Class Effect: Symptoms of dystonia, prolonged abnormal contractions of muscle groups, may occur in susceptible individuals during the first few days of treatment. Dystonic symptoms include: spasm of the neck muscles, sometimes progressing to tightness of the throat, swallowing difficulty, difficulty breathing, and/or protrusion of the tongue. While these symptoms can occur at low doses, they occur more frequently and with greater severity with high potency and at higher doses of first generation antipsychotic drugs. An elevated risk of acute dystonia is observed in males and younger age groups.

In the short-term, placebo-controlled clinical trials, dystonia occurred in 4.7% of Latuda-treated subjects (0.0% Latuda 20 mg, 4.2% Latuda 40 mg, 4.6% Latuda 80 mg and 6.5% Latuda 120 mg) compared to 0.7% of subjects receiving placebo. Seven subjects (0.7%, 7/1004) discontinued clinical trials due to dystonic events – 4 were receiving Latuda 80 mg/day and 3 were receiving Latuda 120 mg/day.

Latuda-Medication

6.5. Laboratory Test Abnormalities and ECG Changes in Clinical Studies

Laboratory Test Abnormalities

In a between-group comparison of the pooled data from short-term, placebo-controlled studies, there were no clinically important changes in total cholesterol measurements; triglycerides or glucose from Baseline to Endpoint [see Warnings and Precautions [5.5)]. There were also no clinically important differences between Latuda and placebo in mean change from baseline to endpoint in routine hematology, urinalysis, or serum chemistry. Latuda was associated with a dose-related increase in prolactin concentration [see Warnings and Precautions [5.6)]

Creatinine: In short-term, placebo-controlled trials, the mean change from Baseline in creatinine was 0.06 mg/dL for Latuda-treated patients compared to 0.03 mg/dL for placebo-treated patients. A creatinine shift from normal to high occurred in 3.1% (30/977) of Latuda-treated patients and 1.4% (6/439) on placebo. The threshold for high creatinine value varied from > 1.1 to > 1.3 mg/dL based on the centralized laboratory definition for each study [see Dosage in Special Population (2.3); Use in Specific Populations (8)]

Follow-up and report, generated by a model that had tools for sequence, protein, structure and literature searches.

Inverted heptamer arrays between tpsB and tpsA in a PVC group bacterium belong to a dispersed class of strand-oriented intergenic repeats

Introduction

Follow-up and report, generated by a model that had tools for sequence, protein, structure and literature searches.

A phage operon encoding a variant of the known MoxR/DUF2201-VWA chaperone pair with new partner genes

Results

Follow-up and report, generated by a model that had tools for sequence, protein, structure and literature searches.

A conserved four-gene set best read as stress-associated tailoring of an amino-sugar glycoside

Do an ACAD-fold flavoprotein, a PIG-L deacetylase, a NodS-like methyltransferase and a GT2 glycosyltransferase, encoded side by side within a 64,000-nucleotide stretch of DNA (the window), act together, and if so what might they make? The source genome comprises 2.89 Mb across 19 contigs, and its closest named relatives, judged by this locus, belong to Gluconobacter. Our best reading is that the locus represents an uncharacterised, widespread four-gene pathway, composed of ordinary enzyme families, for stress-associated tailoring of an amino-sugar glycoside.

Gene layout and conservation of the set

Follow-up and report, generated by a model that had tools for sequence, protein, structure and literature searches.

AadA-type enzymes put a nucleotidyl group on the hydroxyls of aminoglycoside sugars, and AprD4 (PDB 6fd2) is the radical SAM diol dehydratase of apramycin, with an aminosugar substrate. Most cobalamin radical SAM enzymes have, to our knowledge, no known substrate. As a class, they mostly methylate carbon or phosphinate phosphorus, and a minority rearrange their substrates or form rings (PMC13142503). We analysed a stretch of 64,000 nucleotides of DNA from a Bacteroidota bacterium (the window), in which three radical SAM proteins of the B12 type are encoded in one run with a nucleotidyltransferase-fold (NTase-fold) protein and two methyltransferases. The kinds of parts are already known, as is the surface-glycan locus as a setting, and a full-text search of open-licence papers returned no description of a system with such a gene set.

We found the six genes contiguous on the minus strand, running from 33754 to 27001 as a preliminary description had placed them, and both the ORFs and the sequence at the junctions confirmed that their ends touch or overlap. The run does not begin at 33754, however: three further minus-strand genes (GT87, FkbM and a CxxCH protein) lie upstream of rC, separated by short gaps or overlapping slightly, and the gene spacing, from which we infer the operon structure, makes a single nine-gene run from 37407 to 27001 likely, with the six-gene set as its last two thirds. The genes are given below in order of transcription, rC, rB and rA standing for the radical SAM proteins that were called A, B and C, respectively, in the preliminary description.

Transaminases: The mean changes in AST and ALT for Latuda- and placebo-treated patients were similar. The proportion of patients with transaminases (AST and ALT) elevations > 3 times ULN was similar for all Latuda-treated patients (0.8% and 0.8%, respectively) to placebo-treated patients (0.9% and 1.1%, respectively).

ECG Changes

Electrocardiogram (ECG) measurements were taken at various time points during the Latuda clinical trial program. No post-baseline QT prolongations exceeding 500 msec were reported in patients treated with Latuda. Within a subset of patients defined as having an increased cardiac risk, no potentially important changes in ECG parameters were observed. No cases of torsade de pointes or other severe cardiac arrhythmias were observed in the pre-marketing clinical program.